Local news and information


Back in the fifties and sixties the local weekly paper was “Sussex Express & County Herald” the daily paper with some local news was the “Evening Argus” which you purchased from the newsagent. “Rye and District Fixtures” was first printed in 1935 and provided local information for free and was delivered to the houses in Rye or could be found in newsagents and shops.

First published in November 1965 was a monthly community magazine “Rye’s Own” edited and produced by Jim Hollands. “Rye’s Own” featured historic events that happened in Rye as well covering current events.

In the following years there have been other local publications that have been available, some for a number of years and others only lasted a few months. This includes a weekly free newspaper “Rye, Battle & District Citizen” published by 1066 Newspapers Ltd. The “Rye Gazette” started in 1982, produced and edited by Mary Owen also appeared weekly. It contained items of local and topical interest. “Hastings and Rother Sports & Leisure Monthly” was published and edited by Pat Stewart. The “Martian News & Advertiser” had news and views for Rye, Romney Marsh and surrounding areas, published and edited by Dave Homewood, and another was the “Friday Ad” paper which this year has moved from print to digital. David Wimble produced “Rye & Winchelsea Looker” a fortnightly newspaper, a spin off from the “Romney Marsh Looker”. These are examples of the printed paper and magazines that were available in the past.

Present news and information

At present the local newspapers and magazines in print are “Rye’s Own” and “Rye Fixtures”, two well established publications still going strong. The weekly “Hasting and Rye Observer” which has increasingly less local news and information is purchased from newsagents. The weekly “Wealden Advertiser” based in Hawkhurst was established in 1980, is distributed in Rye. “What’s On” based in Battle has been established for 22 years and is a monthly lifestyle magazine. The monthly “Village Directory for Tenterden & Rye” is still available, as is the yearly “Weald Of Kent, Rye & Winchelsea Directory”, both delivered by Royal Mail. The “Rye & Winchelsea Community Ad Magazine” was recently relaunched and another new magazine is “Ryezine” which about local people of Rye.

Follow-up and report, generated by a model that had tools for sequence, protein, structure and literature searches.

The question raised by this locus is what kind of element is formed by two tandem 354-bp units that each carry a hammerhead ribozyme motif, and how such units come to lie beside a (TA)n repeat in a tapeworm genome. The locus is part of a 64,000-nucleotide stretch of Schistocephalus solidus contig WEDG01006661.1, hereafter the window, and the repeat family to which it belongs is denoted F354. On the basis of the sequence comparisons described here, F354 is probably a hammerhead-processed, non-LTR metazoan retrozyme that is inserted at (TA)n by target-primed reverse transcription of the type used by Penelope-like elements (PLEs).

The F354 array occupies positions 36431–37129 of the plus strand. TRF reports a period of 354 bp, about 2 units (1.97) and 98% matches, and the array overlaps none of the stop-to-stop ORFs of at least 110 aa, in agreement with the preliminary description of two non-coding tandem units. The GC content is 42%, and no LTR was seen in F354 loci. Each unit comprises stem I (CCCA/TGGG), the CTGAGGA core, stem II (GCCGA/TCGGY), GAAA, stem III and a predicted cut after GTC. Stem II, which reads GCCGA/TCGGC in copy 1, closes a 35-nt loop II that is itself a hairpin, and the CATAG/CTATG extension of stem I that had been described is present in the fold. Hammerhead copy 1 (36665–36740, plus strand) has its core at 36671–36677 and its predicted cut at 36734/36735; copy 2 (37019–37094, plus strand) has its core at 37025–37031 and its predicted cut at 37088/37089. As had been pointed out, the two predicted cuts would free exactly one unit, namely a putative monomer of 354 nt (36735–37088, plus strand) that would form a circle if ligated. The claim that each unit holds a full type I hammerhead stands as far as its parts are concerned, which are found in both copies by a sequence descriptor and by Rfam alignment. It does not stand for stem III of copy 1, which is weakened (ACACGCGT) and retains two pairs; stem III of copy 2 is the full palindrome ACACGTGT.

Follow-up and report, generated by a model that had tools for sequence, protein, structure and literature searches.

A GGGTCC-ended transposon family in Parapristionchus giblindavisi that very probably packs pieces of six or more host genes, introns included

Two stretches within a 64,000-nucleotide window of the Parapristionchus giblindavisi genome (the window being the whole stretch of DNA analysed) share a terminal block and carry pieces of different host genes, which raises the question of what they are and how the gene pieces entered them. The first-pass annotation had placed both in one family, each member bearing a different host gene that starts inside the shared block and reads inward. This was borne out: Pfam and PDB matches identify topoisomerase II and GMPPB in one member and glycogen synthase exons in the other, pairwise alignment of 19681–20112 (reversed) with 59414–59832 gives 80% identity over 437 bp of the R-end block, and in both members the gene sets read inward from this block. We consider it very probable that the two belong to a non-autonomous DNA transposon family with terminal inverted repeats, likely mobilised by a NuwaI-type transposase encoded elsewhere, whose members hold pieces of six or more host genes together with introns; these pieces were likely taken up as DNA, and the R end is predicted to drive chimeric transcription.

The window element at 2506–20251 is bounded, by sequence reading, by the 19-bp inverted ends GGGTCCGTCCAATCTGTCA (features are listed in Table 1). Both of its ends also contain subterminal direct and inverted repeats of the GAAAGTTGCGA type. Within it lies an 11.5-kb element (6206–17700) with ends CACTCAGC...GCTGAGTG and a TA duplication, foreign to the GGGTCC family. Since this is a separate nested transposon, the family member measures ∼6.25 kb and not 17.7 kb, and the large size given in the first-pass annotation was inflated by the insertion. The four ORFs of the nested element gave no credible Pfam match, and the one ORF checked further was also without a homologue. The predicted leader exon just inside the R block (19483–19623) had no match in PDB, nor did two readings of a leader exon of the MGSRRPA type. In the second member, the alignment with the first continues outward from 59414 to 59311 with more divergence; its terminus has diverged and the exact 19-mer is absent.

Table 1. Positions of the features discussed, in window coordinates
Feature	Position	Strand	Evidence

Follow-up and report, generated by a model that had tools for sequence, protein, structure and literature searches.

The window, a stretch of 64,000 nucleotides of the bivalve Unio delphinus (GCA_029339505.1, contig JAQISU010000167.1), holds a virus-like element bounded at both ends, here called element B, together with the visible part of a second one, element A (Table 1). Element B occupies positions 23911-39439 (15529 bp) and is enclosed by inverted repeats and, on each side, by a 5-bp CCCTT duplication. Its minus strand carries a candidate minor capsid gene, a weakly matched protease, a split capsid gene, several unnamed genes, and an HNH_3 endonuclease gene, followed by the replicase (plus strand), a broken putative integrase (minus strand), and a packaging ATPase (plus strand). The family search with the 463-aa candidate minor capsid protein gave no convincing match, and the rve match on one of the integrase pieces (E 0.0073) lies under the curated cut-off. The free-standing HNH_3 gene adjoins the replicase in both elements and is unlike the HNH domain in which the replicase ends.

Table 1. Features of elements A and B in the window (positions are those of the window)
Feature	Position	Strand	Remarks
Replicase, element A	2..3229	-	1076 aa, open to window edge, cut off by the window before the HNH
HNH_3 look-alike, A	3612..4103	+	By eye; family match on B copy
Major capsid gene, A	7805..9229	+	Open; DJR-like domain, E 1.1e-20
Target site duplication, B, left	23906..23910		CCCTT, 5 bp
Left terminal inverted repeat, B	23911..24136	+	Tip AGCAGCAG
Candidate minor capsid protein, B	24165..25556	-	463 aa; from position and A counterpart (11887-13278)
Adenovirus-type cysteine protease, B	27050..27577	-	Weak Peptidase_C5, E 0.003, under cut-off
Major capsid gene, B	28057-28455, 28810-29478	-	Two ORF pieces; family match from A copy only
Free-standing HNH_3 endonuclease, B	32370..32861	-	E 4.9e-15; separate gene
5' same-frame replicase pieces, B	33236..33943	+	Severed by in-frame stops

Traditionally, print newspapers and magazines have been funded by advertisements and often a cover price. Times however are changing, and with increasing production costs and income reducing from advertising – with more and more businesses turning to social media and other promotional means – survival of the print newspaper and magazine had become more and more difficult. Some, such as Fixtures, have managed it while others have been less fortunate.

Today, the way ahead is largely seen to be digital and “Rye News” was the first local news outlet to take advantage of this with a purely internet-based publication. Celebrating its eighth birthday this February it was funded originally with the aid of grants and now by a mixture of advertising and donations from regular readers and can achieve up to 80,000 views a month.

The internet has also provided many different ways of accessing news and information. There are local specialist websites as well as chat rooms, forums covering every subject under the sun, Facebook, Instagram, Twitter, various apps (there is now a Rye App available) and so on. The list of social media is almost endless.

For those publications not online, one way forward is to form an association with those who are. A good example of this is Fixtures which each month carries a number of pages that have featured in Rye News. Maybe this is the way forward, time will tell. But one thing is certain, the way we access our news in the 21st century will continue to evolve and change.

Rye News itself is run by a small team of volunteers, a mix of professional journalists and others keen to learn the art. We are continually looking to improve our weekly publication and welcome any feedback from readers so we can make our content even better.

Image Credits: Dennis Leeds George .

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  1. I am able to take advantage of and regularly use online publications, but I regret the loss of print newspapers and magazines. To be honest, I find it much easier to look for items in a newspaper than in, for example, Rye News. Whilst I am a regular reader, I usually go first to the Recent Comments column and work back from there. Other than for the most recent stories on the front page, it’s usually a case of “out of sight, out of mind” although the search function sometimes comes to my rescue. It’s a problem common to many similar online publications.

    In days gone by the arrival of the Rye Fixtures was keenly awaited each month. It was essential for checking on bus and train times, what was showing at the Regent cinema that month (when the cinema management hadn’t forgotten to get the details to the publisher on time!) and myriad other useful information. I am pleased to hear that it is still going strong.


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